Approaching from the Tatung plain, the first station, Er Shen Tien, Temple of the Holy One, is seen at a long distance. A night's lodging is here desirable, if the pilgrim's season—September, October, and November—is on. Bands of pilgrims, numbering from fifteen to one hundred, rush by, as if in great haste. Their arrival is announced by a most pitiable lamentation, calling out, "O idol, we, thy humble, spiritual followers, put our trust in thee and burn incense." When they have gathered around the altar, all kneeling, the leader beats a sonorous gong as a signal to the idol, and chants in a lamenting tone: "Saviour of the unseen world, save all the people from their sins and suffering." After which all the others repeat it three times in a similar pleading

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tone. A priest standing by the altar pronounces a benediction upon them as they depart, for which, of course, he expects a few cash. In like manner they make a complete round of all the temples, shrines, and altars, over eighty in number. We can only mention a few.

Passing up a romantic valley other temples for lodging pilgrims are seen, and after an ancient moss-covered bridge is crossed we are called upon to pass through the First Gate to Heaven. As might be expected, it is a very plain, humble structure. On the lintels of the door an inscription reads: "Those who have arrived here are to be considered as not outsiders, but as one of us." The chief idol here is Ling Kwang. He was originally a traveling mendicant during the Sung Dynasty, and became the first in rank of the twenty-six supernatural soldiers under the control of the "Jade Emperor." Above his head is a searching inscription: "Shin wen er hsing," (ask your own heart). He is believed to be a subtle and wide-awake god, having a third eye in the middle of his forehead. In another inscription it says of him: "With one stroke he awakens all men, and with three eyes he overlooks all under heaven. He helps people to gain their object in life with speed; his aid is as quick as thought."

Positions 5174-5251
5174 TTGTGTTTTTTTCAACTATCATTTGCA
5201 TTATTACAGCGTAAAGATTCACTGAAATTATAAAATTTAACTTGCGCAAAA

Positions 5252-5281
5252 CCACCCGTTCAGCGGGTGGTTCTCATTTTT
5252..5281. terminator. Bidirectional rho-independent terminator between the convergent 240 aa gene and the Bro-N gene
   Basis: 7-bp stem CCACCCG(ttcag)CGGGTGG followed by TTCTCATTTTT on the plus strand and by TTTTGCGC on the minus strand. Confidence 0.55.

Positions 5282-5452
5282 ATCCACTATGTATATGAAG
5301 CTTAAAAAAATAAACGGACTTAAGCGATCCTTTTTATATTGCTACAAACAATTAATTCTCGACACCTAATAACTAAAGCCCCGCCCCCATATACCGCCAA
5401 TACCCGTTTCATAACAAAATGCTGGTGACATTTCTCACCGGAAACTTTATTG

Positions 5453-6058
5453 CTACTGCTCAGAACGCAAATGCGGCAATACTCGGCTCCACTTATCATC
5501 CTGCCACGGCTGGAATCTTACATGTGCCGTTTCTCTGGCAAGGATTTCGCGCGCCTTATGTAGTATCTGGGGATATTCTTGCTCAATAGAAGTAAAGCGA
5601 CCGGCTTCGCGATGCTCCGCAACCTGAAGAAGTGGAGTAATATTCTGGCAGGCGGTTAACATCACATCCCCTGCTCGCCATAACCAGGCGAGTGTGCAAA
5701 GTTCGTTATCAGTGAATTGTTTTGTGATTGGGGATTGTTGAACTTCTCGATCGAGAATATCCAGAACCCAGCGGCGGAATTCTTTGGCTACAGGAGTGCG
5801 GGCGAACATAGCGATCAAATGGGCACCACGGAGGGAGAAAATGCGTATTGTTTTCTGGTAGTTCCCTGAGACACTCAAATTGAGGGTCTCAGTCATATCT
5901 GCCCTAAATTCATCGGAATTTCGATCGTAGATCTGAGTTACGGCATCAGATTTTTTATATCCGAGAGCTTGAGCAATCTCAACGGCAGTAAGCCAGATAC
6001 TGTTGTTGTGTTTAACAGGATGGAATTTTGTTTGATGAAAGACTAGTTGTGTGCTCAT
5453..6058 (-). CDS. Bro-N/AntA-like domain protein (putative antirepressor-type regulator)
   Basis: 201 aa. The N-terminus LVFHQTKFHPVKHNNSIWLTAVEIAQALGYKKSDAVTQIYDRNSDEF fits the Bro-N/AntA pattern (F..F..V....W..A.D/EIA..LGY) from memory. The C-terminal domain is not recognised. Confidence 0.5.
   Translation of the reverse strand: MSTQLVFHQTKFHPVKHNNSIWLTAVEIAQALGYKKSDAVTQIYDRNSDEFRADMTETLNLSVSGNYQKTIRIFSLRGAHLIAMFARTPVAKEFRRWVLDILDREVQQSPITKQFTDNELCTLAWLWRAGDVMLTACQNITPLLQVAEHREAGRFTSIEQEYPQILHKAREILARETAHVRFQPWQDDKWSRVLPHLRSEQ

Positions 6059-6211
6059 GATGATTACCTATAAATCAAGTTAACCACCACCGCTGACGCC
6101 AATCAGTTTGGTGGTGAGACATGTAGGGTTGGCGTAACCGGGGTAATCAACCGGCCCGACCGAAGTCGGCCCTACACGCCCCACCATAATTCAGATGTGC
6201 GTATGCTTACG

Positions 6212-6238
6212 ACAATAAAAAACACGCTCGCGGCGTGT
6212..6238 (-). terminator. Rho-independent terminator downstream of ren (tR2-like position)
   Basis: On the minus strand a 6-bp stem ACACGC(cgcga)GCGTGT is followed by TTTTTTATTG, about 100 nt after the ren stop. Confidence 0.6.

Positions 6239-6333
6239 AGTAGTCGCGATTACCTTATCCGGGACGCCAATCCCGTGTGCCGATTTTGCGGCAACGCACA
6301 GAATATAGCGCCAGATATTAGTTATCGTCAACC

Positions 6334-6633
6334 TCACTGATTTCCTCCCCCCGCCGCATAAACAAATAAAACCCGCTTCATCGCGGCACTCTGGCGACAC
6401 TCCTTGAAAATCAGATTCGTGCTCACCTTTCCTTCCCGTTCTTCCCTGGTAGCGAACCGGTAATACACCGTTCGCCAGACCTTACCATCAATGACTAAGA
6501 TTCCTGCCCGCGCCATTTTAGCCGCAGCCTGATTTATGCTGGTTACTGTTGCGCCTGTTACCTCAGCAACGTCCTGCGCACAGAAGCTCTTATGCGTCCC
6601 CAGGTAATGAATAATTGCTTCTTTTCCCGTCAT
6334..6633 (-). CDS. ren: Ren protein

Having passed through the first heavenly gate, the road leads through a dense bamboo grove, within which is located the Temple of Refreshing Dew, a name doubtless suggested by the rich, beautiful foliage with which it is surrounded. This monastery is gorgeously decorated and covered with imperial tiles of various colors; it is also honored by a tablet from Kang Hsi, and contains images of the Three Pure Ones, the Eighteen Lohan, the Goddess of Mercy, and Ti Tsang Wang. When I visited it a great Buddhist rally had just been held, at which two hundred priests had taken orders. A few more li up the mountain side the pilgrim enters the Second Heavenly Gate. This too is a small, unpretentious building. The road leads through the temple. In the passage is also a

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[paragraph continues] Lingkwang, and in a dark and sooty compartment is a Shakjamuni Buddha. At this stage it is claimed that all who accept Buddhism are moved upon and feel the affinity. Happiness is promised to all who come, and virtue administered to every pilgrim.

Beyond the second gate is the Dragon Pool Temple, an edifice of no special renown. A few more steps and the weary pilgrim reaches the Temple of the Southern Heavenly Gate, the half-way station. Such it is in reality up this mountain path from the first temple up to the seat of Ti Tsang Wang, and so it is in like manner the upward path of the Buddhist religion from earth to the ethereal heaven, called the beautiful and spiritual. Then the Temple of Ten Thousand Ages is seen, and the Third Heavenly Gate is reached. Here the pilgrim is welcomed under a large spacious passage, in which a god of riches and the king of the dragons appear in most gaudily painted colors. An attempt at beauty is also made in the inner hall, where the Goddess of Mercy with her servants is enshrined.